And it could be Israel that has unleashed this escalating menace on the world. It’s leaders should realize that what goes around can come around. While Israel has one of the world’s most sophisticated cyber warfare capability, that does not mean that it is invulnerable. Certainly, it would be a very difficult target. But for every Natanz that Israel may target there is a Dimona. No one should forget that. I am not advocating such an attack. But it stands to reason that a nation injured by Israel might target its own critical facilities in revenge. Is this the sort of cyber brinksmanship that we want to see?
In regard to my speculation that Natanz had to be the target of this attack because of its key role in uranium enrichment, which could lead to an Iranian nuclear weapon if it were pursuing such a goal, another cyber-security expert confirms my thinking:
• Stuxnet appears designed to take over centrifuges’ programmable logic controllers. Natanz has thousands of identical centrifuges and identical programmable logic controllers (PLCs), tiny computers for each centrifuge that oversee the centrifuge’s temperature, control valves, operating speed, and flow of cooling water. Stuxnet’s internal design would allow the malware to take over PLCs one after another, in a cookie-cutter fashion.
“It seems like the parts of Stuxnet dealing with PLCs have been designed to work on multiple nodes at once – which makes it fit well with a centrifuge plant like Natanz,” Rieger says.
While some have argued that Bushehr may’ve been the likely target of Stuxnet since Russian contractors working there originally introduced the worm, it wouldn’t be hard to infect a computer at Natanz once Bushehr was infected. So it could’ve begun in Bushehr and spread to Natanz with the latter being the ultimate target. But Paul does make some interesting arguments that Bushehr might make an attractive target as well. My money is still on Natanz as being the primary goal. I suppose too it’s possible that Israel’s may’ve devised a twofer, infecting and damaging both facilities.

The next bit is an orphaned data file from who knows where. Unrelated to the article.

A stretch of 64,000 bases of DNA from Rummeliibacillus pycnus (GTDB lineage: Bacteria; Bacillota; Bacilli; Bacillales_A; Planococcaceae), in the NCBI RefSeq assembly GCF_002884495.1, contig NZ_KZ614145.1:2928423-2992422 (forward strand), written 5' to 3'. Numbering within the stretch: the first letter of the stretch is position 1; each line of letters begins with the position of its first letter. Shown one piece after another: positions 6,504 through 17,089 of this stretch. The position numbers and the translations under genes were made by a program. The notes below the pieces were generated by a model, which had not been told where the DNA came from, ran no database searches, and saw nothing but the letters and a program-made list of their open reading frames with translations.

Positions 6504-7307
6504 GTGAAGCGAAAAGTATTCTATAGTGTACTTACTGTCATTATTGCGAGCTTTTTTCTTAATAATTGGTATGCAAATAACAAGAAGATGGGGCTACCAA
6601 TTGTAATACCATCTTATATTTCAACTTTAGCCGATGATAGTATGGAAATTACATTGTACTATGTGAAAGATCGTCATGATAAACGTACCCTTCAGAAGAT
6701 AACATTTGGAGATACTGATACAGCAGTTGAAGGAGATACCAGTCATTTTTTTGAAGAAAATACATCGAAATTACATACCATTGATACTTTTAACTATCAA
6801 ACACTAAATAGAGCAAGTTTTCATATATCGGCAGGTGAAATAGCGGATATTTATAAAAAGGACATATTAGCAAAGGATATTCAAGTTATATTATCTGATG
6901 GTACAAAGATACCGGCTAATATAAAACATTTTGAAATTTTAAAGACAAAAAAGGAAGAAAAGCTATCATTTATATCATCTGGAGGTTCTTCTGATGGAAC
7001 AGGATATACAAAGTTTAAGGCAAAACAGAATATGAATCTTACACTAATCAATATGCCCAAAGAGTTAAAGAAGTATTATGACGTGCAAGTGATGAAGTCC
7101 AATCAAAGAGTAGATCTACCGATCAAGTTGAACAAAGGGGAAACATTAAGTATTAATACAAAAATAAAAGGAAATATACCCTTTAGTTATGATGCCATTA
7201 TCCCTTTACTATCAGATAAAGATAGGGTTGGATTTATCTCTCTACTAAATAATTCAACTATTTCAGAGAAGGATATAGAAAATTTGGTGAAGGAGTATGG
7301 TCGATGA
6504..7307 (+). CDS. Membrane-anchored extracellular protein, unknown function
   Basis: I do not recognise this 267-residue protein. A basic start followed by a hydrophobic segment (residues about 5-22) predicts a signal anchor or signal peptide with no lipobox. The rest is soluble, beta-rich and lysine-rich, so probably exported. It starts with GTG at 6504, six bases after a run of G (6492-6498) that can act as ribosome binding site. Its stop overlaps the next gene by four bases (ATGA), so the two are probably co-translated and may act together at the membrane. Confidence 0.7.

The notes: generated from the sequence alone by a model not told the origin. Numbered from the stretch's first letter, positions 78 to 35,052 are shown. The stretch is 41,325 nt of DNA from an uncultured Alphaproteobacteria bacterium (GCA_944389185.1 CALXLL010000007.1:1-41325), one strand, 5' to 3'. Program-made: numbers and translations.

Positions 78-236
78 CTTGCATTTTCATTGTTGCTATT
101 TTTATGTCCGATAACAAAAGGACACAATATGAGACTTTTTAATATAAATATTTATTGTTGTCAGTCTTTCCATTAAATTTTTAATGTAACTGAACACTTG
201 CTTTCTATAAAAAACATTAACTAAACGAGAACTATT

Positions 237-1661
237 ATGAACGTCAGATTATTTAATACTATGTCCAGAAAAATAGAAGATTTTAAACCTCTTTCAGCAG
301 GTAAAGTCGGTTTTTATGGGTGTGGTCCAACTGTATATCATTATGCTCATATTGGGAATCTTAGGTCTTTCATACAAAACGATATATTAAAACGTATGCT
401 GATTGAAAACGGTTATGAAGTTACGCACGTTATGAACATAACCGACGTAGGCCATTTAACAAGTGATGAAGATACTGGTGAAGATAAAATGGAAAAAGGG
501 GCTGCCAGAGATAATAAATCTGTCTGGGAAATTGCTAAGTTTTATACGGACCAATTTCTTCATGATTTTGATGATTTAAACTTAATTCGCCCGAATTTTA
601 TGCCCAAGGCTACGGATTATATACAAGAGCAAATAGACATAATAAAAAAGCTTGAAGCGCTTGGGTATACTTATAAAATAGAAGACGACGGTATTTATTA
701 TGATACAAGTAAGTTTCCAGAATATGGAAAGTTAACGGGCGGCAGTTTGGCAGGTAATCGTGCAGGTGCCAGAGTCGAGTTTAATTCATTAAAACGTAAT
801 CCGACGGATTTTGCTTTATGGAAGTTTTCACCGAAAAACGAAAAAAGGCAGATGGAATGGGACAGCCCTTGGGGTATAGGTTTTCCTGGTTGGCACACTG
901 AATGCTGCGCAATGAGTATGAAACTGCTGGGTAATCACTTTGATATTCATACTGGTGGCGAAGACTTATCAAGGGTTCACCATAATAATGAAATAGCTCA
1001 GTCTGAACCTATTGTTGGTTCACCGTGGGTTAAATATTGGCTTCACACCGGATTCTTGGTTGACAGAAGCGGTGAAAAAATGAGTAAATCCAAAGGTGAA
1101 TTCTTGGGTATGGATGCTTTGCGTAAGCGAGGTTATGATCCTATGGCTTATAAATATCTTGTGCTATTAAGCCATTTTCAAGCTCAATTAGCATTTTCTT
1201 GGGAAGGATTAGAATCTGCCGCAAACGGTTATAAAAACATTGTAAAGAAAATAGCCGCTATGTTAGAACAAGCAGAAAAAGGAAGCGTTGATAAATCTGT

In a follow-up to yesterday’s post about an Iranian report conceding extensive Stuxnet-related damage to its industrial plants, Paul Woodward reports this from Iranian media:
Iran’s Mehr News Agency adds:
The director of the Information Technology Council of the Industries and Mines Ministry has announced that the IP addresses of 30,000 industrial computer systems infected by this malware have been detected, the Mehr New Agency reported on Saturday.
“An electronic war has been launched against Iran,” Mahmoud Liaii added.
“This computer worm is designed to transfer data about production lines from our industrial plants to (locations) outside of the country,” he said.
He also announced that a working group composed of representatives from the Communications and Information Technology Ministry, the Industries and Mines Ministry, and the Passive Defense Organization has been set up to find ways to combat the spyware.
This adds an interesting filip to what I’ve been reporting about the goal and intent of Stuxnet. Till now, reports have speculated the purpose of the infection was to sabotage Iran’s Natanz nuclear plant. But it seems entirely possible that while it was doing that an additional goal was to study the entire industrial process by which Iran was pursuing its nuclear ambitions. This would be a possible goldmine of information for Israel in mapping out Iran’s level of progress and what particular technical avenues it was pursuing. This might allow Israel to discover how close Iran was to nuclear break-out (if it is pursuing a nuclear weapon). It might also enable Israel to prepare defenses against Iran’s nuclear goals or even suggest ways of attacking Iran again somewhere down the line.
The possibilities are endless.
Thanks to Paul Woodward for his stellar analysis, which I’ve in part adopted and in part taken in some slightly different directions. H/t David Ehrens.